To create fragrances, Thierry Wasser is assisted by noses Delphine Jelk and Frédéric Sacone. "There are three noses now at Guerlain," Sylvaine Delacourte has explained, "because Thierry is working a lot. He is developing a lot. We develop about ten perfumes a year, plus the bespoke perfumes, plus the perfumes for the creams and the makeup. So, it's a lot of work. Thierry creates fragrances, plus he has to travel to buy raw materials, and he does the PR, he is the face of Guerlain. He can't do everything, it's not possible." Sylvaine Delacourte launched her own fragrance brand in 2016, declaring that she will not be involved in fragrance development at Guerlain any more.
In 2014, Thierry Wasser was raised to the rank of Knight of the Legion of Honour, a French order established by Napoléon Bonaparte in 1802 to recognize excellence in contributing to society. The order is the highest decoration in France. The motivation for awarding Thierry Wasser was described as follows: 1) For defending the use of natural raw materials against the European Commission. 2) For contributing to France's worldwide fame through the know-how of Guerlain's perfume art. 3) For helping local communities in foreign countries to develop production of raw materials.
The next generation. BBC followed Guerlain around the time when Thierry Wasser worked on Shalimar Parfum Initial — and suddenly found himself alone on the Guerlain throne.
Disorder in the Guerlain order of succession. While it was the French revolution that triggered the decline of absolute monarchies, the idea of a father at the head of the table with his first-born son next to him, is forever French. In that respect, the Guerlain family is quintessentially French, known as hardworking and conservative, and governed by a patriarchal, almost monarchical system of succession.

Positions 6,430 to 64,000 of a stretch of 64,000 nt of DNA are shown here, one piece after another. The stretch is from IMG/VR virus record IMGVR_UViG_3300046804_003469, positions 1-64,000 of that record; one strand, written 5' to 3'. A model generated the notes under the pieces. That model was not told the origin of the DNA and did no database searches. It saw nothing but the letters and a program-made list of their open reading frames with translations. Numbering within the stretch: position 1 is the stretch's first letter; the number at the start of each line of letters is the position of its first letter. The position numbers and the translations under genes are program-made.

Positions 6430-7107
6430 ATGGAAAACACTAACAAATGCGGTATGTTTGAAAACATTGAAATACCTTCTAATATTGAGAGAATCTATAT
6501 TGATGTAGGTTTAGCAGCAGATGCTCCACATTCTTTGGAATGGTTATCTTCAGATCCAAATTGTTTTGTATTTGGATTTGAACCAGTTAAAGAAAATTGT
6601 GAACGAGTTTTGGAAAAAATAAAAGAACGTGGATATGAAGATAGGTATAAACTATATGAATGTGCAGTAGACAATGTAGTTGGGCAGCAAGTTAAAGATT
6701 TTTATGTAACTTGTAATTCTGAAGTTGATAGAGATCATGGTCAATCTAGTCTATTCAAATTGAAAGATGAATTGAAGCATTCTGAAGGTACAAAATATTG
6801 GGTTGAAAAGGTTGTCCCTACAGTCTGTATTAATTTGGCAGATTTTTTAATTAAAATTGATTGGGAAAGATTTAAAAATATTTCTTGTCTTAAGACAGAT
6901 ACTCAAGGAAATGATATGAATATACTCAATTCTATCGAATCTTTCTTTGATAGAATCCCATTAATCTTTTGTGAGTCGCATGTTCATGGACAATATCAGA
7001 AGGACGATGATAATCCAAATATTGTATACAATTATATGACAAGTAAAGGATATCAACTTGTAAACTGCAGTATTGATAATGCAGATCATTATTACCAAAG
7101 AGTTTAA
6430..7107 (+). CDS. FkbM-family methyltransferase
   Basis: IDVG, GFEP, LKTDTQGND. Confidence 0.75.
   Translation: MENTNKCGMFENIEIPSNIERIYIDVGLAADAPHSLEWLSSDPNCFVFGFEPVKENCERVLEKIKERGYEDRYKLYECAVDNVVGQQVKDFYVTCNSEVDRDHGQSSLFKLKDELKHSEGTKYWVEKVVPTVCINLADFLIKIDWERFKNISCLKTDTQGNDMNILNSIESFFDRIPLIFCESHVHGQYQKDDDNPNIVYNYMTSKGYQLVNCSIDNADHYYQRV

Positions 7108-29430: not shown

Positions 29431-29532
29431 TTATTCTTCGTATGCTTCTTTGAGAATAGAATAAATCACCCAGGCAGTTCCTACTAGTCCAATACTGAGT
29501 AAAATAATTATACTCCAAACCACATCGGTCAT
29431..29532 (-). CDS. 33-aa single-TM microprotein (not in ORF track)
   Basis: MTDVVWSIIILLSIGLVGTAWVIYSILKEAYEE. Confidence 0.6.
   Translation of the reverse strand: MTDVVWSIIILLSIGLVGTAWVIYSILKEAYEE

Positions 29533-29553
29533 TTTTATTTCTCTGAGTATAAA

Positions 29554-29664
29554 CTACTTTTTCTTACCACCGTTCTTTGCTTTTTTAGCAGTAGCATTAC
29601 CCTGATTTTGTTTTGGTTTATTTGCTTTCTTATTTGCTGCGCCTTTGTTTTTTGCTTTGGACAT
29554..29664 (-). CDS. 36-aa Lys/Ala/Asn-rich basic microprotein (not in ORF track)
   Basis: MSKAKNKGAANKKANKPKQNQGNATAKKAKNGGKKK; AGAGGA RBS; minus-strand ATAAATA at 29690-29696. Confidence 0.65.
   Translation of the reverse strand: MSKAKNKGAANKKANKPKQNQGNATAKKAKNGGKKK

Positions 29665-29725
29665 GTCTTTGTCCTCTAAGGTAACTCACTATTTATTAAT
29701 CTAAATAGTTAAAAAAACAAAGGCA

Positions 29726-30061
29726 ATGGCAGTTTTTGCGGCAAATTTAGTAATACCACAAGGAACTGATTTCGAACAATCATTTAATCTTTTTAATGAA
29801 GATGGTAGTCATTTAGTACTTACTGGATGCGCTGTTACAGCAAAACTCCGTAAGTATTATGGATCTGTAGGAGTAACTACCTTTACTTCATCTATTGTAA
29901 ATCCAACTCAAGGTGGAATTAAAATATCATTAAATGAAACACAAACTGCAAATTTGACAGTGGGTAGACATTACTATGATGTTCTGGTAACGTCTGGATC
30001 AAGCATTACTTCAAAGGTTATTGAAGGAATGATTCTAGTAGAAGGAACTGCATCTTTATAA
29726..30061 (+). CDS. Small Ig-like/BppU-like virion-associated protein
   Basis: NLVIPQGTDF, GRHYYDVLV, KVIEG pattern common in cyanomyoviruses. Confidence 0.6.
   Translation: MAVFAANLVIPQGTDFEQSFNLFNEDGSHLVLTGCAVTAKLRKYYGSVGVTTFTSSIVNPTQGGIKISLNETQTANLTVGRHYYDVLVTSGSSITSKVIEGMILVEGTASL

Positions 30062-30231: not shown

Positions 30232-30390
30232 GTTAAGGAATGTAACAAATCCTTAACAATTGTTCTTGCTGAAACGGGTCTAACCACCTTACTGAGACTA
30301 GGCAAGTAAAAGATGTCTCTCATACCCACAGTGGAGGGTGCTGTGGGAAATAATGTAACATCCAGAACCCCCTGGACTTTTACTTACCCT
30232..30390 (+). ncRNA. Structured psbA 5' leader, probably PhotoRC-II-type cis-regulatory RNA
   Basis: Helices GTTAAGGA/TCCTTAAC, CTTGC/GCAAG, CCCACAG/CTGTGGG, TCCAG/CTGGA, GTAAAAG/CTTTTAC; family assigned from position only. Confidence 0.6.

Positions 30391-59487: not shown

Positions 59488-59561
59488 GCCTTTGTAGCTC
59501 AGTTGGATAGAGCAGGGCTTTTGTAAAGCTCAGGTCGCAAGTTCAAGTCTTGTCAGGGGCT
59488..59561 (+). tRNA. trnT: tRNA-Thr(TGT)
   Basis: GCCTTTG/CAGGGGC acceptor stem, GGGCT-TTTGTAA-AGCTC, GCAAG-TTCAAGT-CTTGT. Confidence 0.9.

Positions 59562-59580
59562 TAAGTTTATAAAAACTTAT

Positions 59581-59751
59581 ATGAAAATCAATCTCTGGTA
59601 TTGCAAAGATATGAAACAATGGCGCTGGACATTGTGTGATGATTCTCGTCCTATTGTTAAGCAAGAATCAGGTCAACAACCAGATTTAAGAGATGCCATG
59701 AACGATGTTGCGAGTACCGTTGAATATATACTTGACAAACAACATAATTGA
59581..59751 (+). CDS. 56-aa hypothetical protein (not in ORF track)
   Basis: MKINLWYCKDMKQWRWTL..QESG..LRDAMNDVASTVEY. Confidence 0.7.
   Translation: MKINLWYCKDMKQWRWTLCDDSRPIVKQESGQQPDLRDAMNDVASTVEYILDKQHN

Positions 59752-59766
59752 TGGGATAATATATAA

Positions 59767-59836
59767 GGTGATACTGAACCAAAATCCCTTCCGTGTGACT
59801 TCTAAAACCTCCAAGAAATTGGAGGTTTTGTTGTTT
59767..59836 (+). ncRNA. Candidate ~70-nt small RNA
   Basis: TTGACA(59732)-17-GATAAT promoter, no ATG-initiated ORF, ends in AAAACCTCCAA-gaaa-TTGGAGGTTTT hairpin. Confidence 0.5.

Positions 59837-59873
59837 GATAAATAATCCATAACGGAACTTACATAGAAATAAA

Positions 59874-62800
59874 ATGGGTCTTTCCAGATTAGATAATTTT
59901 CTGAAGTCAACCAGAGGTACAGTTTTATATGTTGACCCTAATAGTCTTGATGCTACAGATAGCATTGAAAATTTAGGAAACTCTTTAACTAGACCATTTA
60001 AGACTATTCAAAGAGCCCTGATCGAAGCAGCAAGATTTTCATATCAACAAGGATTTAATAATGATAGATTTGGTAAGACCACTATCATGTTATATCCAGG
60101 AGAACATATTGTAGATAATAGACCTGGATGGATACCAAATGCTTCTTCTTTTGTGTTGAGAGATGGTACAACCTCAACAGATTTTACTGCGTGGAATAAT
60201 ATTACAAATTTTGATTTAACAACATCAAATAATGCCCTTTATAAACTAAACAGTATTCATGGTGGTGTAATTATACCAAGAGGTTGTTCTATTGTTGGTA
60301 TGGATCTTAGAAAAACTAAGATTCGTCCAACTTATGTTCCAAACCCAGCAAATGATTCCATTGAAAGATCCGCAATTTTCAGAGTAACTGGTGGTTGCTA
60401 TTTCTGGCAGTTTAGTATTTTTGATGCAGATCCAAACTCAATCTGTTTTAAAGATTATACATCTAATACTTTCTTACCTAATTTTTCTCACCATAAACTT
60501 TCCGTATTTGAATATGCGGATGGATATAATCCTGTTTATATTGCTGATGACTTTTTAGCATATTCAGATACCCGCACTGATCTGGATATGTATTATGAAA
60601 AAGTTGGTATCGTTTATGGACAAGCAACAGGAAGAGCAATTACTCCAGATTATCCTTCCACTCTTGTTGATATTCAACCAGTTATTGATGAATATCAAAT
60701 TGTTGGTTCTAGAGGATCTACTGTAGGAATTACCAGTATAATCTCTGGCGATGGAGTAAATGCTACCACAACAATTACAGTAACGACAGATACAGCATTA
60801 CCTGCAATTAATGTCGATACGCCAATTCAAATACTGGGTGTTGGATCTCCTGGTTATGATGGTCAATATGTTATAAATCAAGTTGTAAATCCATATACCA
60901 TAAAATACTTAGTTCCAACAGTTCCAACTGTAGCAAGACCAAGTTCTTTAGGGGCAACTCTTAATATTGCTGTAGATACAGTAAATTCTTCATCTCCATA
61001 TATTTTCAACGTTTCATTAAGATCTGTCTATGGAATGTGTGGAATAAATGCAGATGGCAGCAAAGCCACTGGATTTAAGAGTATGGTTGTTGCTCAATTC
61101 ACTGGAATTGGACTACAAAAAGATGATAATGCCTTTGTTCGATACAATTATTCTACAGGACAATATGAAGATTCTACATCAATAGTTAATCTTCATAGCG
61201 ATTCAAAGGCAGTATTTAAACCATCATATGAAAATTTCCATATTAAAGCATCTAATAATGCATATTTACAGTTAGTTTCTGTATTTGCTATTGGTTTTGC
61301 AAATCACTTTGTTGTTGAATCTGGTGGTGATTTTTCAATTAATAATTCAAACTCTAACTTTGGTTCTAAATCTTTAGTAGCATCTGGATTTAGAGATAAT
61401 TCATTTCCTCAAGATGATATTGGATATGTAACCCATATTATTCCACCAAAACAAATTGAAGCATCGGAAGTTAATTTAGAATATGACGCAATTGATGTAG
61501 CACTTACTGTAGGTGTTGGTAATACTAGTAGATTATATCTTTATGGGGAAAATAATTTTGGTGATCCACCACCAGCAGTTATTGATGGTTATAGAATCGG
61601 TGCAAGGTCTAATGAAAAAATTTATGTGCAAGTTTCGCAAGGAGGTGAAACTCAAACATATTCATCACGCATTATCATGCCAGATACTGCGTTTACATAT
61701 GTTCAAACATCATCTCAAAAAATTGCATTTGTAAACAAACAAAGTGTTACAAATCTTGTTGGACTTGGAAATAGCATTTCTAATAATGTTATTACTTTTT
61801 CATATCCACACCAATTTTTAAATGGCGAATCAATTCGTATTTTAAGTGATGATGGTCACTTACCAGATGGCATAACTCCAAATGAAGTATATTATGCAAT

Guerlain annals recount that the eldest son inherited the title as master perfumer, while his younger brother managed the company. In reality, however, this law of succession only worked once, namely when Aimé Guerlain (born in 1834) became the second Guerlain perfumer after his father, Pierre-François-Pascal Guerlain who founded the business. Aimé Guerlain’s younger brother, Gabriel, became the manager. There is one known perfume by Gabriel, though, namely Excellence (1890).
The established line of succession fell apart when Aimé Guerlain’s nephew, Jacques, took over as the third Guerlain perfumer. It was Jacques' older brother Pierre who ended up in the managing role. We can only speculate that Pierre Guerlain simply didn’t posses the talent to be the nose, although he is credited for one Guerlain perfume, namely Rue de la Paix (1908).
The same thing happened with Jacques Guerlain’s successor. According to the rule, it should have been Patrick Guerlain (born 1932), but it was his brother Jean-Paul, five years his junior, who proved to have the right talent.
Jean-Paul Guerlain’s son didn’t wish to be a perfumer, but chose law instead. Patricia de Nicolaï, being the great-granddaughter of Pierre Guerlain and Jean-Paul Guerlain’s niece, could have been the fifth Guerlain perfumer, but when the post of nose was vacant she had established her own independent perfume brand. It is unknown if the patriarchy would have considered a woman worthy anyway. When in 2008 Thierry Wasser was named master perfumer for Guerlain, it was the end of 180 years of one family's rule of Guerlain’s savoir-faire.
As a side note, Jean-Paul Guerlain has told us that his grandson Paul Guerlain, who is currently studying perfumery, shows promising talent as a perfumer. So maybe one day we will see another Guerlain descendant as the creator of Guerlain perfumes.
Some images courtesy of guerlain.com